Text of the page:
To help set priorities among a number of problems or a number of causes by arranging data graphically in descending order of frequency.
Construct a Pareto Chart in the following manner:
- Separate the collected data into categories, i.e. common themes. In the case of the stakeholder interviews, list by subject or type of complaint. Other data can be categorized by shift, department or type of error.
- Calculate the number of complaints in each category as well as the percentage of the total. You can create an "other" or "miscellaneous" category for the lowest numbered complaints.
- Draw the bottom axis and list categories in descending order (largest to smallest).
- Draw a vertical axis on the left side and number it, starting at zero and ending at the sum of the responses of all of the categories.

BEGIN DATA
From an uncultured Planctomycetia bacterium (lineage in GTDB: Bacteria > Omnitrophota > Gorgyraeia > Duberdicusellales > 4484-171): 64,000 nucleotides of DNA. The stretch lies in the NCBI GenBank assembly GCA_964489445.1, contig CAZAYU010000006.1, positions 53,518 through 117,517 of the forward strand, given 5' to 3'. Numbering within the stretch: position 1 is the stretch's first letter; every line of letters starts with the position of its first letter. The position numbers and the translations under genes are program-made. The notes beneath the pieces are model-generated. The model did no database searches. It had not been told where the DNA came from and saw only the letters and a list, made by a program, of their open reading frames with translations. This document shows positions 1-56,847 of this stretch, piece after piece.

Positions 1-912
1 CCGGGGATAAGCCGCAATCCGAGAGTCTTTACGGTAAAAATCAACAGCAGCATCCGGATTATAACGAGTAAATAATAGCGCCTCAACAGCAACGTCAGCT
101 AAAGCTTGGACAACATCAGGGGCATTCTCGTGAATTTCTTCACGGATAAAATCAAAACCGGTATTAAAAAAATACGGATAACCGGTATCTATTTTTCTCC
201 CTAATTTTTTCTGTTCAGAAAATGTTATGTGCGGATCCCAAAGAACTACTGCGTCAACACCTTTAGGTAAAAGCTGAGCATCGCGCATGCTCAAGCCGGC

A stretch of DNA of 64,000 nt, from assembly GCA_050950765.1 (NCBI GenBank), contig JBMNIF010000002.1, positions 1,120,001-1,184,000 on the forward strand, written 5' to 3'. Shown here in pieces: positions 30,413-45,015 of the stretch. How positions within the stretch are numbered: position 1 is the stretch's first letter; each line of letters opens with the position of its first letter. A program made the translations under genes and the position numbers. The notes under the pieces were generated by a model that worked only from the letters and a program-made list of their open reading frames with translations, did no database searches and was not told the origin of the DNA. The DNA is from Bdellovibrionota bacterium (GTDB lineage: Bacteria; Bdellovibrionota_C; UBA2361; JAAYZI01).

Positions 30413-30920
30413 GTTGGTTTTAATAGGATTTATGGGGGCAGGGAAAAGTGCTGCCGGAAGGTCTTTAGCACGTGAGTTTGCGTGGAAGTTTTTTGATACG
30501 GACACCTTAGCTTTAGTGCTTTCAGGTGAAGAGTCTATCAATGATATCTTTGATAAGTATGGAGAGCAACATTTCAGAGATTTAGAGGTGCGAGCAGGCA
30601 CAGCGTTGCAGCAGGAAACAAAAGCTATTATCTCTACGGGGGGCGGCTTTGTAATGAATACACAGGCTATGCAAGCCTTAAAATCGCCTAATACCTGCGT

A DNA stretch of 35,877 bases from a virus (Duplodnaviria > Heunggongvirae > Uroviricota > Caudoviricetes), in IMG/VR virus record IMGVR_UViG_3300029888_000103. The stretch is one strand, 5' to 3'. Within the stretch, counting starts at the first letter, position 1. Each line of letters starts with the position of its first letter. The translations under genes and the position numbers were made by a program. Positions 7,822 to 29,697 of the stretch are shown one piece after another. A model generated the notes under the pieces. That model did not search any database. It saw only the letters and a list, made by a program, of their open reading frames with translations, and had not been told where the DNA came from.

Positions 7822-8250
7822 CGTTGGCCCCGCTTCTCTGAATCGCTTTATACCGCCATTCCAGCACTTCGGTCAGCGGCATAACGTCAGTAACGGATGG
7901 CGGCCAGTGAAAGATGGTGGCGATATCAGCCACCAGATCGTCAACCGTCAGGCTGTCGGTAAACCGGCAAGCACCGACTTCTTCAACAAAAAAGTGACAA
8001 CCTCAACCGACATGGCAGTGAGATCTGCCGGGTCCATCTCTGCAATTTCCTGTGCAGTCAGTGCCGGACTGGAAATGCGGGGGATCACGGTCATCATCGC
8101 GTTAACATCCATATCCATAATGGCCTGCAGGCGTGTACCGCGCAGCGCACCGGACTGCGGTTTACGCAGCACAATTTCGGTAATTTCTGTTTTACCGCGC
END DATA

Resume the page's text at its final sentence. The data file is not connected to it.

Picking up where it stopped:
- Draw bars for each category, each as long as the number of responses in that category.
Below is an example of the above construction of steps 1-5 of a Pareto Chart.
- On a vertical axis on the right side, write 100% across from the sum of all of the responses and mark some intermediate percentages, e.g. 25%, 50%, 75%. Place the cumulative percentage of the total for each category above its bar and next to a dot refernced to the vertical axis (0% to 100%). For example, if the first bar is 26% of total complaints, and the second is 24% of total complaints, the dot for the second bar will be at 50%. Connect the dots with a curved line.
Next, draw a vertical line at roughly 80% (see below). This line indicates, according to the Pareto Principle that categories Not Timely, Status Unclear, High Cost, and Poor Quality account for about 80% of all stakeholder complaints. If the team puts its efforts into these categories, they will get the greatest return for their effort.
- Title the graph and list the date of completion or time period.
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